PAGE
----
Flying with Both Wings: Women in STEM

“A bird cannot fly with one wing only. Human space flight cannot develop any further without the active participation of women.” Valentina Tereshkova, the first woman in space

When BBC shared an image of scientist Dr. Katie Bouman behind what appeared to be disc-like structures containing a lot of data, the world erupted.

Bouman’s algorithm had been instrumental in the process of creating the first ever image of a black hole. The accomplishment was monumental, but Bolman’s role exceeded that. Her picture became a global symbol of the power and potential of female scientists, but as well as being a moment to celebrate, it also turned the spotlight on women in the larger world of STEM and the challenges and barriers they often face compared to their male colleagues.

The inspirational quality of Bouman was, however, short-lived. Talk on forums and websites began disparaging her part in the algorithm, claiming that feminism was “inventing” scientists to take sole credit for team efforts. Despite Bouman’s statements honoring the team and collective work that went into that image, a small faction of the internet accused her of trivializing the efforts of her colleagues. The same people so adamant on equality never questioned why they believed she deserved less credit than her male counterparts.

Bouman’s story is only one among many. Women in STEM face similar battles every day, be it in schools, the workplace or at job interviews. According to UNESCO, only one-third of the world’s researchers are women, with far fewer holding senior positions, and creating a cycle where fewer women researchers have their work published, recognized, and funded. The numbers vary slightly on a regional basis, for example, in the European Union, 41% of all scientists are women. However, it still does not hide the fact that since its inception, only 19 of the 100 Nobel Prize laureates in STEM have been women.

A recent analysis of the nearly 3 million computer science papers published in the USA between 1970 and 2018 shows that with the existing numbers, an equal representation of the two genders would not be achieved until the next century.

Breaking the cycle

According to UNESCO, women account for only 28% of engineering graduates and 40% of computer science and informatics graduates, and this underrepresentation creates a dangerous loop whereby fewer women enter the STEM workforce, keeping employment ratios uneven. For example, in the US women make up 29% of the total STEM workforce but women make up only 3% of the industry’s CEO positions.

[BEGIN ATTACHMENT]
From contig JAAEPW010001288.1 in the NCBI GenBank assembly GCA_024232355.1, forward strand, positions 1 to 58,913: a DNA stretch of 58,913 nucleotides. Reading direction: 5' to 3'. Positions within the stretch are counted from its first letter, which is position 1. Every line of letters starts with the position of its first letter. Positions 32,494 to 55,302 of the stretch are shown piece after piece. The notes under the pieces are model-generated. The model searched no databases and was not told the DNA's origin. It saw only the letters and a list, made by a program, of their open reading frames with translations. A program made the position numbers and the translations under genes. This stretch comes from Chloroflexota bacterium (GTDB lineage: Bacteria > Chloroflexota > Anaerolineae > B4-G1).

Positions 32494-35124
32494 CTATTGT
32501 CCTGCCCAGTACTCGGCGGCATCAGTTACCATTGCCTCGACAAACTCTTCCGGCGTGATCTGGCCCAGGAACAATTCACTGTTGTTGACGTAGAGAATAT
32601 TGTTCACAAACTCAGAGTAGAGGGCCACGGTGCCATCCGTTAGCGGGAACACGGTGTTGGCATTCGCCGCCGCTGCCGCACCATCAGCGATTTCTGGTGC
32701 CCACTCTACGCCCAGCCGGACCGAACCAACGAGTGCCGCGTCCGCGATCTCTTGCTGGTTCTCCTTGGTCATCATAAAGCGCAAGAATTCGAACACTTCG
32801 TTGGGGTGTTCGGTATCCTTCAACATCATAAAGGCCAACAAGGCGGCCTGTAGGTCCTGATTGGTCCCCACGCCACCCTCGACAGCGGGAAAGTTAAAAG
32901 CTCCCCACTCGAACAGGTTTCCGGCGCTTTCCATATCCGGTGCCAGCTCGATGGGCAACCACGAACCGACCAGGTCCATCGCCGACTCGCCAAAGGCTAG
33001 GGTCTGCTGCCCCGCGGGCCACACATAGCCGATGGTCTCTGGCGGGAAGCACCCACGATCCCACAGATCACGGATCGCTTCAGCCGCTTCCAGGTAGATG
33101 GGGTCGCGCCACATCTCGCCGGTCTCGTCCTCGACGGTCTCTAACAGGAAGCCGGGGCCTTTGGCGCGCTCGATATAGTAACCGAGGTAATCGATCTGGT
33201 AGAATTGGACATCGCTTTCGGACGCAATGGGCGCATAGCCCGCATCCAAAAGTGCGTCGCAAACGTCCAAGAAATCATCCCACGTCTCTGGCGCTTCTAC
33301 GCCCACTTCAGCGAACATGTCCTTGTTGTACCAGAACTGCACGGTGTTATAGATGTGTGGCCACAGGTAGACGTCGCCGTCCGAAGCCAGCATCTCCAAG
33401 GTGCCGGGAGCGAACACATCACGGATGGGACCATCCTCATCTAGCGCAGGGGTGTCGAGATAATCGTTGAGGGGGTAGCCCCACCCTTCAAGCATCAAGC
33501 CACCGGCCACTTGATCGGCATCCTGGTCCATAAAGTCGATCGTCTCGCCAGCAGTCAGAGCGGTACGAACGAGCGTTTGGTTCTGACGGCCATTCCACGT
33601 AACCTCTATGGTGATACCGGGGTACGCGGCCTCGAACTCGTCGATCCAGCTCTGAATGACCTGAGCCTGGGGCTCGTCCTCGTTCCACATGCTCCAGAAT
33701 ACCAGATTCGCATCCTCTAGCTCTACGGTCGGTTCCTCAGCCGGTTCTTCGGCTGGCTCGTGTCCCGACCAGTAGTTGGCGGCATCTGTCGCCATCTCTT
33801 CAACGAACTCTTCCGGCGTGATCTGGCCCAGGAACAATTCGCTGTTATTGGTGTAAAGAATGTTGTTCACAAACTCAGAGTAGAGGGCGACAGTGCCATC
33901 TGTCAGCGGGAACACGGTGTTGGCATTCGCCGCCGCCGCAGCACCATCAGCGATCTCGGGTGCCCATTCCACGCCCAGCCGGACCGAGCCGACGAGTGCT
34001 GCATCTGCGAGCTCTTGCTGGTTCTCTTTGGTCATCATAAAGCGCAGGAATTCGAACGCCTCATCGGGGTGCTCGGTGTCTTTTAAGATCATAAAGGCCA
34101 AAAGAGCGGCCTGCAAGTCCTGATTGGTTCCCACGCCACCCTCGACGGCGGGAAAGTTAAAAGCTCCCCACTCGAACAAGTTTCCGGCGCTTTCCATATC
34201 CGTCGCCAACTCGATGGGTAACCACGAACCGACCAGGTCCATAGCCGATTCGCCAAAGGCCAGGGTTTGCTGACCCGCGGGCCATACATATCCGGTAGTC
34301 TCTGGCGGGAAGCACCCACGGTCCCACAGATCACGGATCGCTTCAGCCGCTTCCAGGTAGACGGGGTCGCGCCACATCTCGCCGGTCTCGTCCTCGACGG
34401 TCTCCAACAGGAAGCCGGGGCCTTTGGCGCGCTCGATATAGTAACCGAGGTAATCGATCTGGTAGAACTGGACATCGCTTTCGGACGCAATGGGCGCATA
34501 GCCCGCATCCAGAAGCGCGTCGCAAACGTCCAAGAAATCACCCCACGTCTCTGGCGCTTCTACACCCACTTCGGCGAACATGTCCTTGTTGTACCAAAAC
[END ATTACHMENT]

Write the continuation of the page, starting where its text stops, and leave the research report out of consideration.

At Arçelik we are taking active steps to tackle women’s underrepresentation in STEM and working within the framework of UN’s Action Coalitions to encourage more women to enter the STEM workforce. We have made ambitious commitments to create a STEM talent pool that is rooted in equality and inclusivity along with programs designed to support women from the early stages in training and guide their trajectories towards leadership roles.

In accordance with the United Nation’s Action Coalition initiative, we have pledged to educate 100,000 young women across Turkey with the skills needed for a career in STEM. We will implement similar programs in Pakistan, Romania and South Africa to reduce the gender divide in R&D. We are also committing to support female entrepreneurs, by boosting the number of female sales representatives and investing nearly $4 million in female entrepreneur programs. Finally, we will also be increasing the number of female employees in STEM divisions (to 35%) across Arçelik’s global operations, as well as increasing the number of female technicians working at our authorized services.

These commitments serve a single purpose: to create an environment where women are presented with equal opportunities to excel within the field of STEM—from training to leadership.

One Katie Bouman story has the potential to create a hundred more.

Inspiration is key in creating careers. If we can facilitate a reality where young girls can imagine themselves working in STEM without any discouragement from their environments, we will be able to create a global community that is capable of progress and advancement.

For instance, the European Institute for Gender Equality estimates that having more women in STEM would increase the union’s GDP by €610 billion by 2050. Beyond the moral obligation to create an equitable environment, it is an economic reality that STEM careers—the key drivers of tomorrow’s economy—can only be carried to their full potential by an equal representation of all genders.

Our communities must remove the obstacles that keep women from achieving their potential in innovation, and invention. If we can facilitate a STEM industry that is rooted in principles of inclusivity and gender equality, our progress as the human species will be faster, greater, and more effective.

It’s time to let all Katies be Katies – at their best.

© Hakan Bulgurlu.
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